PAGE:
But…some people, such as a number of local Republican legislators, feel otherwise. In the same way that the Voter ID law was little more than a naked attempt to discourage certain populations from voting, despite the claims of protecting the vote (let’s be honest, there are far better ways to keep dead people from voting — much as that might hurt Delaware County GOP turnout), HB 1077 is an attempt to intimidate women from getting abortions, not some benevolent law to ensure women are fully informed.
Women in Chester County — and even some of us guys — aren’t that stupid.
Don’t call it “voter protection,” call it “keeping the poor, the old and minorities from the polls.” And with HB 1077, seriously? If the GOP really has the courage of its convictions, call it what it is: “An act to reduce and prevent abortions by forcing unneeded medical exams on women.”
C’mon guys, have some cojones, be honest about your priorities.
If you’re going to ignore the giant pension crisis — and yes, many local GOP legislators, I’m looking at you, a crisis you not only were directly responsible for creating and even personally profited from — can’t you be honest with us about the pressing legislative issues that you’ve chosen to work on instead?
Nope, of course not, because that would lead to a lot of ex-legislators.
Which brings us back to the top — it’s beginning to look like people might be figuring it out anyway, and last Saturday’s event, which drew a couple of hundred people, suggests that there are some very angry folks out there and, maybe, the political will for some of them to do something about it this fall.
Clearly, local candidates are running on this issue (you can see for yourself in the unedited video compilation below of candidate speeches from those running on the Democratic ticket this fall. Two notes: due to a technical glitch, 6th District Congressional Manan Trivedi’s comments were not recorded, and 158th Democratic state house candidate Susan Rzucidlo was the only candidate from The Times coverage area not to attend the event.)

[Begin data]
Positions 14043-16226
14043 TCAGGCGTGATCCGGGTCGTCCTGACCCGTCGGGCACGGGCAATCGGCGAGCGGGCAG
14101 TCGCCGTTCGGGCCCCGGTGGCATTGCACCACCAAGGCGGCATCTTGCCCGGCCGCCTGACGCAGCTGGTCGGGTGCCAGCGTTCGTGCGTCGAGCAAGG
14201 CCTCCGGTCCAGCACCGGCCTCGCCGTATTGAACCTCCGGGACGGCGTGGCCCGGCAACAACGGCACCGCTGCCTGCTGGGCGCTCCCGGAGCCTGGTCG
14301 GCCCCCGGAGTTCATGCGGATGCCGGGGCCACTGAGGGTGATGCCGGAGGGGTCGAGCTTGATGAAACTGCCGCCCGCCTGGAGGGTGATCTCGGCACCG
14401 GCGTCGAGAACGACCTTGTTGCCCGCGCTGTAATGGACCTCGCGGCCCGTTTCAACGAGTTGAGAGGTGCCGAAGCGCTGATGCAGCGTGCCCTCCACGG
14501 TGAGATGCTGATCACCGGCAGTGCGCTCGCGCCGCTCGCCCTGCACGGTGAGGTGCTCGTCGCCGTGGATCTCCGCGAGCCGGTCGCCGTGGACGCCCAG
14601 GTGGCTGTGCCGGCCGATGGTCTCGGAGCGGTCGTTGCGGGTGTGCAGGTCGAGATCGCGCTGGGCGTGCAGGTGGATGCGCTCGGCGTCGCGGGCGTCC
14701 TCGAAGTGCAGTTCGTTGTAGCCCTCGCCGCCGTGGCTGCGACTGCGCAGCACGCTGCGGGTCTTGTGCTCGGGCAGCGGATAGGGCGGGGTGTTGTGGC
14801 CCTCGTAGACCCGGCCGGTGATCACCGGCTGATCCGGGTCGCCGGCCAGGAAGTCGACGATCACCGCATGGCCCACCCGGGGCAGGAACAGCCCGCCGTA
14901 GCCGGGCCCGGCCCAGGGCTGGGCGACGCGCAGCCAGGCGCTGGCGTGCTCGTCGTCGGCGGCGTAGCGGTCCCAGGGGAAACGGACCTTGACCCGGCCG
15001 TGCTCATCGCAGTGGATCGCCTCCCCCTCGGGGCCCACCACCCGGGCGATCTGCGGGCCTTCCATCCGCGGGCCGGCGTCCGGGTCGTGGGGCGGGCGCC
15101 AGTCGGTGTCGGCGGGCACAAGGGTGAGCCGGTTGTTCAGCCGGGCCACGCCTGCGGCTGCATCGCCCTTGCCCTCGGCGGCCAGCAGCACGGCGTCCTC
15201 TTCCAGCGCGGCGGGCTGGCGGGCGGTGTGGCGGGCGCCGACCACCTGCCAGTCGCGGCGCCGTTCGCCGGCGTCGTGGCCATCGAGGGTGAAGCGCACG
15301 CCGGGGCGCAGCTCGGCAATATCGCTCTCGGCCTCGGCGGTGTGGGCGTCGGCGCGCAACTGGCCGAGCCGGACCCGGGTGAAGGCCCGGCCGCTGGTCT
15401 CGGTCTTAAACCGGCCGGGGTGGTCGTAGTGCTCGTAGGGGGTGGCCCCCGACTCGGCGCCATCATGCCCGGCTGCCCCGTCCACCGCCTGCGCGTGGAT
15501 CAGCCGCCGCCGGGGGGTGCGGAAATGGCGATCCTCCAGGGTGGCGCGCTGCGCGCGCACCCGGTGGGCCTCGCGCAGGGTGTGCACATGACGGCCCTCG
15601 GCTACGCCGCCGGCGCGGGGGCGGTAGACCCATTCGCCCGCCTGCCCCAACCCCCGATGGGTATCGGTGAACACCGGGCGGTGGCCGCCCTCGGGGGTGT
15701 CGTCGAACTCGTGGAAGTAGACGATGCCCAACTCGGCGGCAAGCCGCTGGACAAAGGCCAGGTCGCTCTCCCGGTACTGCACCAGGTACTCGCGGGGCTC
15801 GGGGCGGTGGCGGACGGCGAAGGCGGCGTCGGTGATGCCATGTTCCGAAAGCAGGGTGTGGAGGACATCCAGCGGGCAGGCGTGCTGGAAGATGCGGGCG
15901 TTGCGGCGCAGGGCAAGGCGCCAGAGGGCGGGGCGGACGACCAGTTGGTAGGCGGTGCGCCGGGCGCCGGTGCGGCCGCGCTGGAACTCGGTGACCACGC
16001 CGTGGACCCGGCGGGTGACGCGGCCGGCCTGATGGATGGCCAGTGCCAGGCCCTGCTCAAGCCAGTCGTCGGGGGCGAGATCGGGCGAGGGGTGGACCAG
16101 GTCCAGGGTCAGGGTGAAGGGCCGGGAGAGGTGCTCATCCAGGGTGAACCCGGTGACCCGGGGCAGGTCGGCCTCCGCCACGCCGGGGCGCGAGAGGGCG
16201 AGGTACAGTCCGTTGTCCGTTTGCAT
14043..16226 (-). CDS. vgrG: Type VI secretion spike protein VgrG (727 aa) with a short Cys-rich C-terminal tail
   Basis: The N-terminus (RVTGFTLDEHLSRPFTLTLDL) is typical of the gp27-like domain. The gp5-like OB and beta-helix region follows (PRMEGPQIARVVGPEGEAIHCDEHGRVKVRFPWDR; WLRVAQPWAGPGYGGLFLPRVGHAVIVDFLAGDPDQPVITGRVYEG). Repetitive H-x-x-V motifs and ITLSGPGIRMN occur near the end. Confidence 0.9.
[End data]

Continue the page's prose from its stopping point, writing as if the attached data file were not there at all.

And yes, if the GOP has a similar event, we’ll cover that and offer the speeches in a similar format. We think you should get a chance to see and hear from these folks in their own words.
It will be interesting to see if this message connects with independent-minded Chester County voters who seem no more enthusiastic about government tampering with their bodies and bedrooms than tampering with their right to own and bear arms.
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When I started The Times, initially just in the Unionville area and with the anticipation of getting help and support from a national local news startup which promptly went bellyup the week before we launched, I wasn’t entirely sure how this would work out — or if we’d make it to Christmas 2010.
Two years later, officially, as of Monday, we’ve grown to include three coverage areas with plans to expand further in 2013.
Like most 2-year-olds, we’re not entirely out of our diapers — we’ve learned to stand on our own two feet, and occasionally say things that make sense (an exception being my partner, Kathleen Brady Shea, an experienced hand who always makes sense), when we’re not running off at the mall.